Publications & Products
Volume 5, Issue 39

Talking about Failure to Find Success

A recent movement in which nonprofits are transparent about their failures can actually be unproductive or even harmful, suggests one organizational learning expert.

"But it's not clear whether all this productive discussion about failure has changed anything in everyday practice," writes June Wang, an organizational learning expert, for the Stanford Social Innovation Review. "How can we talk about our failures more regularly, and in ways that truly allow us to learn and improve?"

Nonprofits and social organizations have made a habit of talking about their failures as a way to normalize discussions of what went wrong and learn from their mistakes, writes Wang. But sometimes these "celebration of failures" or "fail fests" have a number of drawbacks, she adds.

As an example, Wang writes about one foundation in which its grant-writing staff were required to  nominate the "worst grant from which they learned the most."

Staff voted on their favorite entry, and whatever team submitted the "winning grant" was awarded dinner, Wang writes.

After several of these events, discussions started centering more on what the grantee did wrong instead of on the foundation as a whole. And even when the focus was on the foundation, there was a lack of discussion around what was learned and how to use the information. Wang writes that the foundation eventually stopped holding the event and instead focused on creating more positive, productive discussions.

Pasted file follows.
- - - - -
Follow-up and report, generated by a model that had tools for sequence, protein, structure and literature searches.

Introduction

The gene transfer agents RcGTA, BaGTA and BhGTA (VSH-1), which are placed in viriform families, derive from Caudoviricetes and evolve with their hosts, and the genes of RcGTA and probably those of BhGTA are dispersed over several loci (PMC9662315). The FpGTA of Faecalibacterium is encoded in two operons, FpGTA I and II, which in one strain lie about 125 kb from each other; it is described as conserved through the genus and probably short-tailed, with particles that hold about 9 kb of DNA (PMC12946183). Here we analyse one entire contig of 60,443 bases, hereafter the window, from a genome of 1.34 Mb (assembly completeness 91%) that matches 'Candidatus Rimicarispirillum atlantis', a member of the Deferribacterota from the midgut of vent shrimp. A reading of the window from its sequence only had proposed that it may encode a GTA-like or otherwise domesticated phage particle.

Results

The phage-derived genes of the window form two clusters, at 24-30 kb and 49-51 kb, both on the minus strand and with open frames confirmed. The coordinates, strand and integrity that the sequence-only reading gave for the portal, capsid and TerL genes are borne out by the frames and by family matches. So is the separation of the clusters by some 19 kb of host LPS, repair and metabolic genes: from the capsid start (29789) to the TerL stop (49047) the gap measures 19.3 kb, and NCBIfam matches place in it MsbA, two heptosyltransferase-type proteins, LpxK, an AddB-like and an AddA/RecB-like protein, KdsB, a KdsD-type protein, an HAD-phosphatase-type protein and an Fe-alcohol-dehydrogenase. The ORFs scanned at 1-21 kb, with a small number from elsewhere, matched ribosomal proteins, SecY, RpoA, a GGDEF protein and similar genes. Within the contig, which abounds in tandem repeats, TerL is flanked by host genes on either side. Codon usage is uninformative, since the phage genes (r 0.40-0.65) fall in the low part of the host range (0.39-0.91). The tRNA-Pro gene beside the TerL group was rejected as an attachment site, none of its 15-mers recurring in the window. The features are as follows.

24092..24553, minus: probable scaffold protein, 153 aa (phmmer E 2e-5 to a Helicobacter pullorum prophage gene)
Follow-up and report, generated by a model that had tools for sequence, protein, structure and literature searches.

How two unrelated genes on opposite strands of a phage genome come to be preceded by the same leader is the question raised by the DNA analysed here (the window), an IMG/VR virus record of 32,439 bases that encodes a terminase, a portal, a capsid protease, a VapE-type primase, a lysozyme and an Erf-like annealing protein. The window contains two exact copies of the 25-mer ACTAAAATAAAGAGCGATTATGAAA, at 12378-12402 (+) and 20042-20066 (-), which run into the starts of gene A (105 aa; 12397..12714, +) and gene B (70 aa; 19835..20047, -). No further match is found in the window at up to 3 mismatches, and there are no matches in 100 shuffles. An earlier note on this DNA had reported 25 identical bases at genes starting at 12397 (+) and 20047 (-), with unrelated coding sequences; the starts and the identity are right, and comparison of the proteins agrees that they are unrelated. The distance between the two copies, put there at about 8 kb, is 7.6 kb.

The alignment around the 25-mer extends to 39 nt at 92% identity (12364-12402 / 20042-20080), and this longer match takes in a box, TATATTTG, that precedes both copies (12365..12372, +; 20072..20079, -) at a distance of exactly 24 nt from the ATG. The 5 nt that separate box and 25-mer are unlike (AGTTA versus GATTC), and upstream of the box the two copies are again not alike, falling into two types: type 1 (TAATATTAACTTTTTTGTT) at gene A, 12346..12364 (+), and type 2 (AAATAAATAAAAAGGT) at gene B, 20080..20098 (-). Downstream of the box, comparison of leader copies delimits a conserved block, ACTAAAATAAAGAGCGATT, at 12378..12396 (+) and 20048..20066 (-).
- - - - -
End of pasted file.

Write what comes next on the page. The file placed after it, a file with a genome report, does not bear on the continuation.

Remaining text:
Wang offers alternatives to the popular "fail fest" structure that include:

  • Make a habit of pairing colleagues together to discuss ongoing projects, in which they analyze each other's problems and identify what could be done differently next time.
  • Identify the ways a project can go wrong, and predict potential failures—and then review those after the completion of the project.
  • Have departments review their strategies each year and keep an eye out for patterns of problems.

"I'm not opposed to calling something a failure if it is one," Wang writes. "Let's stop debating whether or not something was a failure. Instead, let's focus on learning and improving. Let's be candid about what's not going well, reflect on it, learn from it, and start doing things differently so we can chip away at those bucket lists."

This article is from the Advancement Weekly, April 4, 2016 issue.

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